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Tampa real estate investment firm, CEO accused of defrauding investors

Margie Manning

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Photo by rawpixel on Unsplash

A Tampa man, his business partner and their company have been charged with defrauding hundreds of investors in what federal regulators describe as a Ponzi scheme.

Brian Davison, owner and CEO of EquiAlt LLC, a real estate investment company in Tampa, and Barry Rybicki, who lives in in Phoenix, Arizona and is managing director of EquiAlt, conducted a Ponzi scheme over several years that raised more than $170 million for several investment funds from more than 1,100 investors nationwide, according to a complaint filed by the U.S. Securities and Exchange Commission and unsealed Feb. 14 in federal court in Tampa.

“Defendants promised investors that substantially all of their money would be used to purchase real estate in distressed markets in the United States and their investments would yield generous returns. Instead, EquiAlt, Davison and Rybicki misappropriated millions in investor funds for their own personal use and benefit,” the complaint said.

A federal judge in Tampa granted the SEC’s request for emergency relief on Friday, issuing a temporary restraining order, an assets freeze, an order against destroying documents and an accounting against EquiAlt, a news release said. The court also granted the SEC’s request to appoint a receiver in the case.

A call to Davison at EquiAlt seeking comment was not immediately returned.

In 2017, Davison announced that EquiAlt would build a condominium project in downtown St. Petersburg, according to the Tampa Bay Times. Pinellas County property records show EquiAlt owns several parcels at the project site, at 3rd Avenue South and 5th Street. All of the parcels are listed as vacant commercial land.

One of the funds included as a defendant in the SEC complaint is EquiAlt 519 3rd Ave S. LLC.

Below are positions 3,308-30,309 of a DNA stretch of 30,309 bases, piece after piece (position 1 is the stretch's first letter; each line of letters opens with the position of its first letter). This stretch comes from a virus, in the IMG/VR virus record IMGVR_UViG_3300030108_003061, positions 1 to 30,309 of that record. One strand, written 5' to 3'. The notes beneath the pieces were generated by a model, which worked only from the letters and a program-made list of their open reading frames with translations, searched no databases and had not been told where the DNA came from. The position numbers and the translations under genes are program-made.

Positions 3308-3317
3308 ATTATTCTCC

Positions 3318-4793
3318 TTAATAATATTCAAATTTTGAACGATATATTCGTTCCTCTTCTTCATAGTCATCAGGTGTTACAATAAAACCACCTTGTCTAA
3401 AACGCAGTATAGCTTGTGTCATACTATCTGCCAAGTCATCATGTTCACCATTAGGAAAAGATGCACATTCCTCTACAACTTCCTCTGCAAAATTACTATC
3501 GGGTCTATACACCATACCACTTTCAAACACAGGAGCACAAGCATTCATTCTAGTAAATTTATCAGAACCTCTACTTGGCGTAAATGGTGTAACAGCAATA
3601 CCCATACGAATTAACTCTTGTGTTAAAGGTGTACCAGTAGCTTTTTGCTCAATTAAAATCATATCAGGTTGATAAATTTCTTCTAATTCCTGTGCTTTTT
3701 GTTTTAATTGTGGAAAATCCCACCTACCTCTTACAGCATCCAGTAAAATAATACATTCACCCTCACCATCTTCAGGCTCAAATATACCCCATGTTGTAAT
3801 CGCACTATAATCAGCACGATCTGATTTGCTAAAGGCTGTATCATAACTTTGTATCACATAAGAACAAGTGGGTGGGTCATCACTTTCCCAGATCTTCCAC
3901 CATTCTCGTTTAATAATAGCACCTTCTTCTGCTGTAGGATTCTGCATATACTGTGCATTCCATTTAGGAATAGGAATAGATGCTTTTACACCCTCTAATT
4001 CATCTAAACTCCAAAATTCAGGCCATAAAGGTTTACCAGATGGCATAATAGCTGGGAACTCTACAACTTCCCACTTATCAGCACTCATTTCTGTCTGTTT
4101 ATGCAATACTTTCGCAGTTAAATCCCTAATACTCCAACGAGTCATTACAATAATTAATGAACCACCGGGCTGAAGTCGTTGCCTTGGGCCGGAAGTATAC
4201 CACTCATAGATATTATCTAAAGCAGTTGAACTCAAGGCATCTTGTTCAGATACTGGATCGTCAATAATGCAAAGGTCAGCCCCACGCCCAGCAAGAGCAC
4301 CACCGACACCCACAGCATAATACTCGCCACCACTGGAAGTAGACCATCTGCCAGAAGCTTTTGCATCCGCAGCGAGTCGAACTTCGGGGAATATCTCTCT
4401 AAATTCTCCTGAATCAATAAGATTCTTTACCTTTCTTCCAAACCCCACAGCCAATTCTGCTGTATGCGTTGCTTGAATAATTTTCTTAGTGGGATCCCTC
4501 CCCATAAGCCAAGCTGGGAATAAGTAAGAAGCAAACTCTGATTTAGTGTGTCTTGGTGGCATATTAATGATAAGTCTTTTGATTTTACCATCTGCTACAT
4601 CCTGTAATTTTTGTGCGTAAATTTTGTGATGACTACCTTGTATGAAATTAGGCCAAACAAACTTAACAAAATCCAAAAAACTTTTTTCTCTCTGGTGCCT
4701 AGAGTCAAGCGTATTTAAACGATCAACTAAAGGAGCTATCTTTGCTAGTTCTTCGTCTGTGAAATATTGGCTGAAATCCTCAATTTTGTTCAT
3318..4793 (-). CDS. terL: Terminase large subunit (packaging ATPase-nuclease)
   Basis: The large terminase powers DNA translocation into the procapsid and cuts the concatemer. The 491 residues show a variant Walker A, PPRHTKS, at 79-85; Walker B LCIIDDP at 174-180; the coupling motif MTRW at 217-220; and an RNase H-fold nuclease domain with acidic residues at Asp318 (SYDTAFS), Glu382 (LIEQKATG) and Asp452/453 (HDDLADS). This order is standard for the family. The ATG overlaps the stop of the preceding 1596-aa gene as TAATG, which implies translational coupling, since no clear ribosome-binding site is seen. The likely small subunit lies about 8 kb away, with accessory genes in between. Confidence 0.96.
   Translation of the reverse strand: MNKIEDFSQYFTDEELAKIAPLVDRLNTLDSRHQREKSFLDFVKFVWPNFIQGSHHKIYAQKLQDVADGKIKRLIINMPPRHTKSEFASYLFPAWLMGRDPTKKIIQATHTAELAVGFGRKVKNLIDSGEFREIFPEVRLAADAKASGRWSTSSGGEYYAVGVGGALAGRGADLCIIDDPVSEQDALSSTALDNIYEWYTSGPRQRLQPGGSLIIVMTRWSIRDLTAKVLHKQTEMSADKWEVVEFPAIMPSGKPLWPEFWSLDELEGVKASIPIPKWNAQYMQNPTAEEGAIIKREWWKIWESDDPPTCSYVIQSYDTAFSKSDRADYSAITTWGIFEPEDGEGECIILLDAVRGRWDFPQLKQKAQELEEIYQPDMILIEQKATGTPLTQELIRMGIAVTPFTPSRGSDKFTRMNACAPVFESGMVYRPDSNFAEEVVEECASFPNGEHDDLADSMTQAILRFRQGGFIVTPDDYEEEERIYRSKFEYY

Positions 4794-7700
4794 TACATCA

Another fund is TB Oldest House Est. 1842, an apparent reference to what’s been described as the oldest home in Tampa , an 1842 bungalow that EquiAlt bought and moved from Ybor City to South Tampa in 2018.

Davison formed EquiAlt in 2011, the SEC complaint said. Davison had signature authority over the company’s bank accounts. Rybicki managed EquiAlt’s relationships with unlicensed sales agents who sold securities in various funds, communicated with investors and were involved in raising money for the funds.

According to the complaint, EquiAlt, Davison and Rybicki told investors they would use about 90 percent of the money raised to buy undervalued real estate, rent or flip the properties, and pay investors 8 percent to 10 percent annual interest.

In reality, less than 50 percent of the funds raised were used to invest in properties, the complaint said. Money from one investment fund controlled by EquiAlt was used to make payments to investors in another fund, the SEC said.

EquiAlt sold three-year and four-year debentures, which are unsecured loans. Many of the investors were elderly and used retirement accounts to fund their investments, the SEC complaint said. The investors often were unaccredited or unsophisticated, lacked knowledge and expertise in financial or business matters and were not capable of bearing the economic risks of the investments, but were told the funds were “secure,” “safe,” and “low risk,” the complaint said.

Since the beginning of operations, the funds suffered significant financial losses with monthly costs and expenses exceeding the revenue generated from business operations, the complaint said. Even if the funds were able to liquidate their real estate holdings at stated values, “the Funds’ combined assets would fall millions of dollars short of the amount owed to investors by December 2020,” the complaint said.

The SEC also said Davison and Rybicki misappropriated millions of dollars from the funds for their own personal benefit. The two men used what the SEC described as “improper cash distributions” to buy luxury cars and to charter private jets. In April 2017, Davison took a $1.8 million cash distribution that he used to pay back personal income taxes, the complaint said.

“We allege that Davison and Rybicki made ‘too good to be true’ promises about nearly every material aspect of EquiAlt’s business to induce retail investors, including elderly individuals, to invest with them,” Eric Bustillo, director of the SEC’s Miami Regional Office, said in the news release. “The SEC’s emergency action seeks to prevent further harm to these retail investors and locate and preserve as many assets as possible.”

 

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